George Craig Laurence (1905-1987) was a Canadian nuclear physicist.
Laurence was born in Charlottetown, Prince Edward Island and attended Dalhouise University in Nova Scotia, where he studied physics. Laurence later moved to England and studied physics at Cambridge University’s Cavendish Laboratory under Ernest Rutherford.
In 1930, Laurence was appointed as Radium and X-ray physicist to the Canadian National Research Council. There, he helped develop medical and industrial radiology. When news that the uranium atom had been split by Fritz Strassemann and Otto Hahn reached the United States in 1939, Laurence attempted to build a graphite-uranium nuclear reactor in Ottawa by himself.
In 1942, Laurence joined the Anglo-French nuclear research team at the Montreal Laboratory, where he was responsible for recruiting Canadian scientists to work on the project. The team eventually moved to a new laboratory in Chalk River, Ontario and built the Zero Energy Experimental Pile (ZEEP), the first nuclear reactor built outside of the United States.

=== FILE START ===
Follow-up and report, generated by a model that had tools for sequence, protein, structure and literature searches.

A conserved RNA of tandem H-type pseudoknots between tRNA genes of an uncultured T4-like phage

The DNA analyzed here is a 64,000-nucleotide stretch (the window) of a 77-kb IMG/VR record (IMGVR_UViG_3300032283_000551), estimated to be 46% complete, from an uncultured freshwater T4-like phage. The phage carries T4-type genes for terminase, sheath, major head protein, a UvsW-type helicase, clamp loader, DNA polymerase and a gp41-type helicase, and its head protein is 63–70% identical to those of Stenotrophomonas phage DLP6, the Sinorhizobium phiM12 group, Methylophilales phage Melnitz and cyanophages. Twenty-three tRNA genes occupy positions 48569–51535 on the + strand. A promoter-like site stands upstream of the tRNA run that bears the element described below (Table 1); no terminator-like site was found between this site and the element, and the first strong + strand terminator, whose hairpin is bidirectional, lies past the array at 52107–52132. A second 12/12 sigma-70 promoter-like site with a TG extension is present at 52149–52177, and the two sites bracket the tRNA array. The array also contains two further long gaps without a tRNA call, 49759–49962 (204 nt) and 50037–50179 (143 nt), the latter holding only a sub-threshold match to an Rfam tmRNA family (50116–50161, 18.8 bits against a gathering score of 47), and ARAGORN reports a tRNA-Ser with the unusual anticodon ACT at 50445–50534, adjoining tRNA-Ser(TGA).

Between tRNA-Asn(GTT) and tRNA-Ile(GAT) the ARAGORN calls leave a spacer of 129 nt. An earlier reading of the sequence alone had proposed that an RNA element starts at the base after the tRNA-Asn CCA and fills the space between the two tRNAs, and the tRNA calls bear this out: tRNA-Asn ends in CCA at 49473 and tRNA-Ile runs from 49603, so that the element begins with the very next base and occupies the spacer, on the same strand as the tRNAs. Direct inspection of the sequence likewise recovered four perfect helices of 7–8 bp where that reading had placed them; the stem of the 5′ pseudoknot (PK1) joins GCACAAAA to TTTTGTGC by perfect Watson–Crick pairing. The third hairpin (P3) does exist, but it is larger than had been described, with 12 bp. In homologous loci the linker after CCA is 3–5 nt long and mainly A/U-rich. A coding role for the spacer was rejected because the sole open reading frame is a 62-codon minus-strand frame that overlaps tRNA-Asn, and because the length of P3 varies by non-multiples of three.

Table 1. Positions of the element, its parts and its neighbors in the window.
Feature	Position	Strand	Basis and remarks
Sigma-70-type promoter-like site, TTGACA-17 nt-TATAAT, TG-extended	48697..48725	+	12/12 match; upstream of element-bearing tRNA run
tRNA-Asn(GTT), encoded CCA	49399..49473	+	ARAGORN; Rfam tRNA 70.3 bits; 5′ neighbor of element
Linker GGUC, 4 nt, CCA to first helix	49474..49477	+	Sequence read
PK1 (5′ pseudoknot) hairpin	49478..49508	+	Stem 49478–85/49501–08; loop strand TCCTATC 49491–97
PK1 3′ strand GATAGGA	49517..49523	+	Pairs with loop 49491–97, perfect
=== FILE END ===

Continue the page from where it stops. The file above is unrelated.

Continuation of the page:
After the war, Laurence joined the Canadian delegation to the United Nations Atomic Energy Commission and advised on the international control of atomic energy between 1946 and 1947. He then returned to Montreal Laboratory and continued his research on nuclear reactor technology from 1950 until 1961.